Lemon vs. Lime — Health Impact and Nutrition Comparison
Lemons contain more protein and fats in small amounts, whereas limes are higher in carbohydrates due to total sugars.
Lemons contain two times more vitamin C, but limes are much richer in vitamin A. Limes generally are richer in minerals, containing higher calcium, copper, zinc, and phosphorus levels. Lemons, on the other hand, are richer in potassium and magnesium.
Both lemons and limes can aid with weight loss and possess cardioprotective, blood glucose-reducing, and anticancer effects. Both can also act as irritants and cause heartburn and enamel erosion due to their acidity.
Table of contents
Lemons and limes are often interchangeably used in the kitchen, but how similar are they? This article will discuss what these two fruits have in common and what sets them apart, focusing on their nutrition and impact on health.
Taste and Appearance
On the outside, lemons and limes are easy to differentiate; lemons look bright yellow and oval, and limes appear in shades of green and round forms. Limes are also usually smaller than lemons, with an average size of 3 to 6 centimeters (1.2- 2.4 inches), as opposed to lemons’ 5 to 8cm (2- 3 inches).
Lemon trees prefer moderate climates, while lime trees are recommended to grow in tropical and subtropical regions.
Lemons are generally said to taste a little sweeter, whereas limes have a more acidic and sour flavor; however, both fruits may are used in cooking (salads, dishes, lemonade, pastries, and desserts) for their specific flavor.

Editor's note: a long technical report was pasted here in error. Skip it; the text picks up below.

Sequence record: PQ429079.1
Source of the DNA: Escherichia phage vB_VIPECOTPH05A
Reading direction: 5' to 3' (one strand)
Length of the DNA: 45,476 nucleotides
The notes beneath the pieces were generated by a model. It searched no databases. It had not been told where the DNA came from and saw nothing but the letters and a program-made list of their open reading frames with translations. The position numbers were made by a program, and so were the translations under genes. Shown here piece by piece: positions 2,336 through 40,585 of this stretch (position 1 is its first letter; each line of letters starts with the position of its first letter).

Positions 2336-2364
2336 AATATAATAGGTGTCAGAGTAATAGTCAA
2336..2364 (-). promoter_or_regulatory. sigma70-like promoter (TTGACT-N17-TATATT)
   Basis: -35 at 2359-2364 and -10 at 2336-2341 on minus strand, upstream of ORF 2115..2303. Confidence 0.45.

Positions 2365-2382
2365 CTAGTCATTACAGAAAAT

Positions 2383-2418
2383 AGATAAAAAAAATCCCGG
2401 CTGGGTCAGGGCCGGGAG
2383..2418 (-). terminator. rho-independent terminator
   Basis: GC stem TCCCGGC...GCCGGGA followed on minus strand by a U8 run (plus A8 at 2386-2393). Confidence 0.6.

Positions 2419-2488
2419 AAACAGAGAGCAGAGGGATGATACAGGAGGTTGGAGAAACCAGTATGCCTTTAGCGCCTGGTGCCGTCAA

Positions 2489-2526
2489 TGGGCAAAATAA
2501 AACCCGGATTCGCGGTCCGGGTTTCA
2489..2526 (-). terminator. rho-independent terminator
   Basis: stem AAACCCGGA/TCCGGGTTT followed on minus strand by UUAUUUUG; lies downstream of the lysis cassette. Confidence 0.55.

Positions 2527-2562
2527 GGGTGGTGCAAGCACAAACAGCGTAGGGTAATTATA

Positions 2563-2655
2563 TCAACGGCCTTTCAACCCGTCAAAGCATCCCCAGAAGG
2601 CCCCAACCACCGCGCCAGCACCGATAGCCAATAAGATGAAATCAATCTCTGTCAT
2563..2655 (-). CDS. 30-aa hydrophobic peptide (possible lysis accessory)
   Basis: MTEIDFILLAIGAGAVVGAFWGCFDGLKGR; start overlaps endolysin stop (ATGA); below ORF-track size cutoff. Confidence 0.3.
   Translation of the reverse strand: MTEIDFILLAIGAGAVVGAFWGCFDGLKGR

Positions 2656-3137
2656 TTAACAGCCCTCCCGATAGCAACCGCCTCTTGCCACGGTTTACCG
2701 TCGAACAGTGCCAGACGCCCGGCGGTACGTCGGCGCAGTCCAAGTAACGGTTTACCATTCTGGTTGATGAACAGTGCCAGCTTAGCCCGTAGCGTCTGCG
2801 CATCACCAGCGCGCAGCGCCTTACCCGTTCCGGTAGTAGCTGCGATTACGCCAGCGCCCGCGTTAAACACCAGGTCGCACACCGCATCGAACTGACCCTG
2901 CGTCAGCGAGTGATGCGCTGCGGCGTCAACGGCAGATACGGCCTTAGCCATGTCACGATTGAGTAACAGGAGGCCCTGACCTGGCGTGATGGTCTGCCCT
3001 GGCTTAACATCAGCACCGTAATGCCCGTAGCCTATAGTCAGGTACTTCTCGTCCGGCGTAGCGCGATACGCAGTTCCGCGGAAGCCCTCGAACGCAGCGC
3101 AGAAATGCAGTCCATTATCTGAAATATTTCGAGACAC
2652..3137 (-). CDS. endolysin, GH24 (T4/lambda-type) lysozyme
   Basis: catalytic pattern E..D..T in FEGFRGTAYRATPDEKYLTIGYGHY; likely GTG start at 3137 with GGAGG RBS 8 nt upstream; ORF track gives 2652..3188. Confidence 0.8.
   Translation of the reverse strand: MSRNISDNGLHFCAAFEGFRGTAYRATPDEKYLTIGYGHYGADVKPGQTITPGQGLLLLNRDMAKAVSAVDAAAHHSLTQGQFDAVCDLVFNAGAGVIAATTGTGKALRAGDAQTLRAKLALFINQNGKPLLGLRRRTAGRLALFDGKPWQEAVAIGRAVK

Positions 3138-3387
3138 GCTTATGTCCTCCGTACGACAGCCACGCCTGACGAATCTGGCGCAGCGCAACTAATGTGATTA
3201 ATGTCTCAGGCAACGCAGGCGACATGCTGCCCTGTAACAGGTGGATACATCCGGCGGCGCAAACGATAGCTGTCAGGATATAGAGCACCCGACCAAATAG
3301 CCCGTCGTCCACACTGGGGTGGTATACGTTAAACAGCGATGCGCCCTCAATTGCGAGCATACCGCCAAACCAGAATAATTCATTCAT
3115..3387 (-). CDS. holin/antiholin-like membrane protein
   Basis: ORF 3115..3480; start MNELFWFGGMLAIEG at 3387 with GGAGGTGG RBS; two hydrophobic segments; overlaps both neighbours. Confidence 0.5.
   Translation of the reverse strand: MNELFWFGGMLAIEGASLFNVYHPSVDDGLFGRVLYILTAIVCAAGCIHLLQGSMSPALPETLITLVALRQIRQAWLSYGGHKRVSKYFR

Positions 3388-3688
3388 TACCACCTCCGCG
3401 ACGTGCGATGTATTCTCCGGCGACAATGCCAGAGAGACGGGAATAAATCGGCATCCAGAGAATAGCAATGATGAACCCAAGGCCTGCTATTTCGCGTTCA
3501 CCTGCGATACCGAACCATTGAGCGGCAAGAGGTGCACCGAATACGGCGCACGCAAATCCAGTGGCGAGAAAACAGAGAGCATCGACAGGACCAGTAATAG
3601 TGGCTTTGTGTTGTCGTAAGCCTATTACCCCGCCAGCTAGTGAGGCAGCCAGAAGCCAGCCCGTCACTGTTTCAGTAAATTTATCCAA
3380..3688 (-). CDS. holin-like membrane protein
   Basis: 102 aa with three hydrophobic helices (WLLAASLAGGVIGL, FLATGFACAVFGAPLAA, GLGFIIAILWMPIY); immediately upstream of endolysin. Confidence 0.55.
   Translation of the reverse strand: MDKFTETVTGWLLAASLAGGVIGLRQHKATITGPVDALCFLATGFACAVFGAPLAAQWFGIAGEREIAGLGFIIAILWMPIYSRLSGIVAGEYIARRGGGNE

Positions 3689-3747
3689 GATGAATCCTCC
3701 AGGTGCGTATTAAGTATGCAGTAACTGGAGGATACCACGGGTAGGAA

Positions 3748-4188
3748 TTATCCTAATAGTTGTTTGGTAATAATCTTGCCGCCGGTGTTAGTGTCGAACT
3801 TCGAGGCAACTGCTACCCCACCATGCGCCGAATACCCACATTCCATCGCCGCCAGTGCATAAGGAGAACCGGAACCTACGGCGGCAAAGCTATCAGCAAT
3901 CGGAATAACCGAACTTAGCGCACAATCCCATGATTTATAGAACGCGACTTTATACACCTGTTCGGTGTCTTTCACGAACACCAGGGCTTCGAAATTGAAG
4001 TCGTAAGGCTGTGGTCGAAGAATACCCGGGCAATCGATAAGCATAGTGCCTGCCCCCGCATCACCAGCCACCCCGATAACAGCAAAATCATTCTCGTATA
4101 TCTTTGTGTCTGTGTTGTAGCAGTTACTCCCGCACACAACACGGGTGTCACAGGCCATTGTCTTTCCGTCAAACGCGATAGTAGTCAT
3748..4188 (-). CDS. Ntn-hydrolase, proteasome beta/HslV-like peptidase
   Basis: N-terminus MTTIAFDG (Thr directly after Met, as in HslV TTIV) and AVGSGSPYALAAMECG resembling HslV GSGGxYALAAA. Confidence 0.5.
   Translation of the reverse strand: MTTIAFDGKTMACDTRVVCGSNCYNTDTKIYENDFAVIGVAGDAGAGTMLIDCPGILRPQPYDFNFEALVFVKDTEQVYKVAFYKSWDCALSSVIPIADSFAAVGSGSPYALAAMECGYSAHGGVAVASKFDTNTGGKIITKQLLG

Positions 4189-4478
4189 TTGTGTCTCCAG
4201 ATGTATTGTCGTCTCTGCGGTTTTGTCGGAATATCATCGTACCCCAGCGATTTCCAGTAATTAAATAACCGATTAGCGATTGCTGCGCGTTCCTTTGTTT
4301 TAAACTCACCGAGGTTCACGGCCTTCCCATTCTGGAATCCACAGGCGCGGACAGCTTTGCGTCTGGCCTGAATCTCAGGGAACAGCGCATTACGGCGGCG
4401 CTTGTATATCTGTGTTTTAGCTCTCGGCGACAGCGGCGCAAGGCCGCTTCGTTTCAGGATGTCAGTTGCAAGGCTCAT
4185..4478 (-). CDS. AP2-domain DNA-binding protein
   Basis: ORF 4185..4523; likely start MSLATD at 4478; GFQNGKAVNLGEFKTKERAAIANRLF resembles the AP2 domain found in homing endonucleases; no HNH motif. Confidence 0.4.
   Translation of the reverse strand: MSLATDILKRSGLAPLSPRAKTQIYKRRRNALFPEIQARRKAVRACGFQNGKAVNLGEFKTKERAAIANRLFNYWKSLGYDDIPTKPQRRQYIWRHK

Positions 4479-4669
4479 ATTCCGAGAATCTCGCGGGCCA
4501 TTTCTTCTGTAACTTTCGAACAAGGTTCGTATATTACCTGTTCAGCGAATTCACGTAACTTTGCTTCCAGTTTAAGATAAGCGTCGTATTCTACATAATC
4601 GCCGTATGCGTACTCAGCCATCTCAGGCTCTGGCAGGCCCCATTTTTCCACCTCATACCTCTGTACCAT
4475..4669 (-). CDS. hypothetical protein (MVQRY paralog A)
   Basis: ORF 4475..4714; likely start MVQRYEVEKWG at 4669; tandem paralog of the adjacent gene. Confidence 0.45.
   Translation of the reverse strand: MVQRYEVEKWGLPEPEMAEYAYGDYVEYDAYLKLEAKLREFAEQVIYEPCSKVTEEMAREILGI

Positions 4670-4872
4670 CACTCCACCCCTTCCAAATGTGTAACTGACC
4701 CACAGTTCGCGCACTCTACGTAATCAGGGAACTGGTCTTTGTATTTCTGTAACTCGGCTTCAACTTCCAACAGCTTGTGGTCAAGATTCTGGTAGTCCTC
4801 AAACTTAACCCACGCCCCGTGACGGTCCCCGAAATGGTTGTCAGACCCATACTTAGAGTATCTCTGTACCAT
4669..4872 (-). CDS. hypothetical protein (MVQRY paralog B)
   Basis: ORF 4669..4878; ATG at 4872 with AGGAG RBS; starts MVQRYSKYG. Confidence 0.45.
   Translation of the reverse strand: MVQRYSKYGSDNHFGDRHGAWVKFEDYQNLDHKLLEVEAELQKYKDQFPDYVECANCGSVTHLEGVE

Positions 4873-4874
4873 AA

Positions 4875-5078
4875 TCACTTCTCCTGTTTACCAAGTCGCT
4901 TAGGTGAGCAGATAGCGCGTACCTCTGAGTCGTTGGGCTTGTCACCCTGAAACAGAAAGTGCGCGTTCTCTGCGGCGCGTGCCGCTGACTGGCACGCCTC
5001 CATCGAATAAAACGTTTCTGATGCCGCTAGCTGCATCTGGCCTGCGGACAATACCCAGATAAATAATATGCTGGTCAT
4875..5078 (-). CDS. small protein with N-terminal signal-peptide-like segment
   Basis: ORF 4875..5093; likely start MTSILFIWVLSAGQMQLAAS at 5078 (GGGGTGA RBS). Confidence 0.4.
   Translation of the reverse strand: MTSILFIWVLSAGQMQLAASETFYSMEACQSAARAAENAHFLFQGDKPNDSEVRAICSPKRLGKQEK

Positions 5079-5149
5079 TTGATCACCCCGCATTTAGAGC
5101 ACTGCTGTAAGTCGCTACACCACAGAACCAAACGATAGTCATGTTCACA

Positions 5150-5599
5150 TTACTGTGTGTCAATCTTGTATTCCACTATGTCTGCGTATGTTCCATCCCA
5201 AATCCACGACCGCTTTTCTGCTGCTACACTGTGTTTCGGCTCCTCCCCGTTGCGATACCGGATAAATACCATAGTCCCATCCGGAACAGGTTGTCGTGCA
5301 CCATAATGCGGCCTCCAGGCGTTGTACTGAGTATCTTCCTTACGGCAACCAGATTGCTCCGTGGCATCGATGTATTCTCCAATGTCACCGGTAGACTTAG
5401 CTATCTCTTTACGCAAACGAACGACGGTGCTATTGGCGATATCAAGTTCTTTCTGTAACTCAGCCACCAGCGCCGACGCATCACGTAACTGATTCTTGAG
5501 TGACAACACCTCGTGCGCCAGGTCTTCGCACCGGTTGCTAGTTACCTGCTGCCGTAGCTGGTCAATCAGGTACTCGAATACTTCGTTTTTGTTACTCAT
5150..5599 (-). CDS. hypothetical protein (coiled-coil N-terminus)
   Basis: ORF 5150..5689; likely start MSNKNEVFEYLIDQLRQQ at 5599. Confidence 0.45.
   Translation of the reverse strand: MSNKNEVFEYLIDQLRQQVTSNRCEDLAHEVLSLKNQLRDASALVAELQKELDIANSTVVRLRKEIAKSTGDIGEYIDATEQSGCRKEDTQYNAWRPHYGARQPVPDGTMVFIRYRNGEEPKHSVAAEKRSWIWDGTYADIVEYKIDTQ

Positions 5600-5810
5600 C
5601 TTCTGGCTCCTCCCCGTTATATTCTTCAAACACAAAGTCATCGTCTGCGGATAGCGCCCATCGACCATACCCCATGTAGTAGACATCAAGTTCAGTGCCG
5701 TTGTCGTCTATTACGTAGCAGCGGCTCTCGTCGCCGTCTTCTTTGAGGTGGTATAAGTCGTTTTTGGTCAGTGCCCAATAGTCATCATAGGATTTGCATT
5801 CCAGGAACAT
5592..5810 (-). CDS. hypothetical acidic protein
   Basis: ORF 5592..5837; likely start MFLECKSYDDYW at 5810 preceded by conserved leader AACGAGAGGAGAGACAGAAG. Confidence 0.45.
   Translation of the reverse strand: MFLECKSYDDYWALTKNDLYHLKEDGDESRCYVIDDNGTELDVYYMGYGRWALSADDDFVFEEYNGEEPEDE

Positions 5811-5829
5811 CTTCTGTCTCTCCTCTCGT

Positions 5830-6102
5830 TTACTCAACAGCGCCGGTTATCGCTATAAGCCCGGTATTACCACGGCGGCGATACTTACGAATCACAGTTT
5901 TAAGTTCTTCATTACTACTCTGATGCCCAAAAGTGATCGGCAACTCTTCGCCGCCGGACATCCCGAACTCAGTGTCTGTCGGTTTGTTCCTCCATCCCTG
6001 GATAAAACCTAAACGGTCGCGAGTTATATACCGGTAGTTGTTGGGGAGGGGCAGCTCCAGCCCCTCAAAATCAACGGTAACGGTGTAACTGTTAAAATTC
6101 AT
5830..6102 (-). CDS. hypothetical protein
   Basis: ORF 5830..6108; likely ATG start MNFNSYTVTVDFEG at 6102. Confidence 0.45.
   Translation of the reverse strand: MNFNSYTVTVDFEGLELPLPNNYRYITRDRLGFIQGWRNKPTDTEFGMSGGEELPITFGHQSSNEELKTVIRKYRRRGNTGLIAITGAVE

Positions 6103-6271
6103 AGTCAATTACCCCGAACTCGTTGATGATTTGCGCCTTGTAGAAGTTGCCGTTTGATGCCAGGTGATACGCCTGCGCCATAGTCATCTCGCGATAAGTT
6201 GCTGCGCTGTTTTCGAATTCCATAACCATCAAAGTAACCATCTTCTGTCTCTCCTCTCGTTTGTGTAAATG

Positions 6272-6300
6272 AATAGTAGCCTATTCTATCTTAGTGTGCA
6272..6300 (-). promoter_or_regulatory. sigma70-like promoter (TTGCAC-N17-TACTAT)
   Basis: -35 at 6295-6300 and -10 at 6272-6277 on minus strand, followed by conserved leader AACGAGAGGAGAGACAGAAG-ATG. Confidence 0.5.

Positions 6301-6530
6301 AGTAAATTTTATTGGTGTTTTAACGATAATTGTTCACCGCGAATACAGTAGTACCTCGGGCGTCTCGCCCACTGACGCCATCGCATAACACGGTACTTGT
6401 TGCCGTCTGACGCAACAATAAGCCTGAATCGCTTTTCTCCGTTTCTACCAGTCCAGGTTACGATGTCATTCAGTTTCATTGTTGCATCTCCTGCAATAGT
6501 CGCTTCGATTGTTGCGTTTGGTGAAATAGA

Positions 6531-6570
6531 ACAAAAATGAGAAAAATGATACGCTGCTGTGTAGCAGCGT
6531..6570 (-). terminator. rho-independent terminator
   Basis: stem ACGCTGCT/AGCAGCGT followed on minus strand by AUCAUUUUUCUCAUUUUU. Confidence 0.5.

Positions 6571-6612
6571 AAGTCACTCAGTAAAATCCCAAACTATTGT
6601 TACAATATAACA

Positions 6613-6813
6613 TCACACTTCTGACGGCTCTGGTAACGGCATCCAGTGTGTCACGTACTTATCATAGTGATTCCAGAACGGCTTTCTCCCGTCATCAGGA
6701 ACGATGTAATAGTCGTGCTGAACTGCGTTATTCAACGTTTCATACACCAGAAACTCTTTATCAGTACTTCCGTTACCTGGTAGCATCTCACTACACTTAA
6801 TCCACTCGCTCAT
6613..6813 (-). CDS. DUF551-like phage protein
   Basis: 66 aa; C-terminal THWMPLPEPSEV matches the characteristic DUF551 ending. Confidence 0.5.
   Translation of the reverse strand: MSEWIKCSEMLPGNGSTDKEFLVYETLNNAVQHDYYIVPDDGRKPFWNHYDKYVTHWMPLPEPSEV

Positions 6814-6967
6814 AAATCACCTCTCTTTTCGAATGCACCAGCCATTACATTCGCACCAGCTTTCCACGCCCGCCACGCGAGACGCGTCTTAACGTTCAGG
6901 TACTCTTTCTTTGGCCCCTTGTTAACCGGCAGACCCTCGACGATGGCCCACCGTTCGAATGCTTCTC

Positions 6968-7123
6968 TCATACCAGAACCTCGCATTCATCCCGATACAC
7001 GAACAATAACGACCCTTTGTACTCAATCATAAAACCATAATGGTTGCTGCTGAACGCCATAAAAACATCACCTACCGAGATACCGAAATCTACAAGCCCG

The key lime is even more acidic than lemons and limes and is often used to make key lime pie.
Both lemons and limes belong to the Citrus genus. Consequently, they are known as citrus fruits but are separate species.
Lemons belong to the species Limon, whereas multiple species produce fruits known as lime. The most well-known lime species are Key lime, Kaffir or makrut lime, and Persian lime.
Sweet lemons (Citrus limetta) cross (hybrid) between citrons and bitter oranges. These fruits can resemble limes, with their round shape and green color, but are considered a cultivar of lemons.
Can You Substitute Limes for Lemons?
Although lemons tend to be sweeter, and limes have a more bitter flavor; however lemons can usually be used instead of limes since both are acidic and sour. They both can be used in savory dishes, sweet dishes, and cocktails.
Fortunately, the picture is also the same for lemon and lime juices. So yes, you can use lime juice instead of lemon juice because of their similar taste.
Lemons and limes are rich in several nutrients. Both consist of about 89 percent water.
One serving of a lemon weighs 58g, whereas a lime’s serving portion is a little more significant at 67g.
Macronutrients and Calories
Lemons and limes have very similar caloric values. Limes have 30 calories per 100g, and lemons have 29 calories. Lemons contain only one calorie less compared to limes.
Lemons are richer in proteins and fats.
Limes contain more carbohydrates than lemons. The two fruits have the same amount of dietary fiber, but limes are higher in total sugars.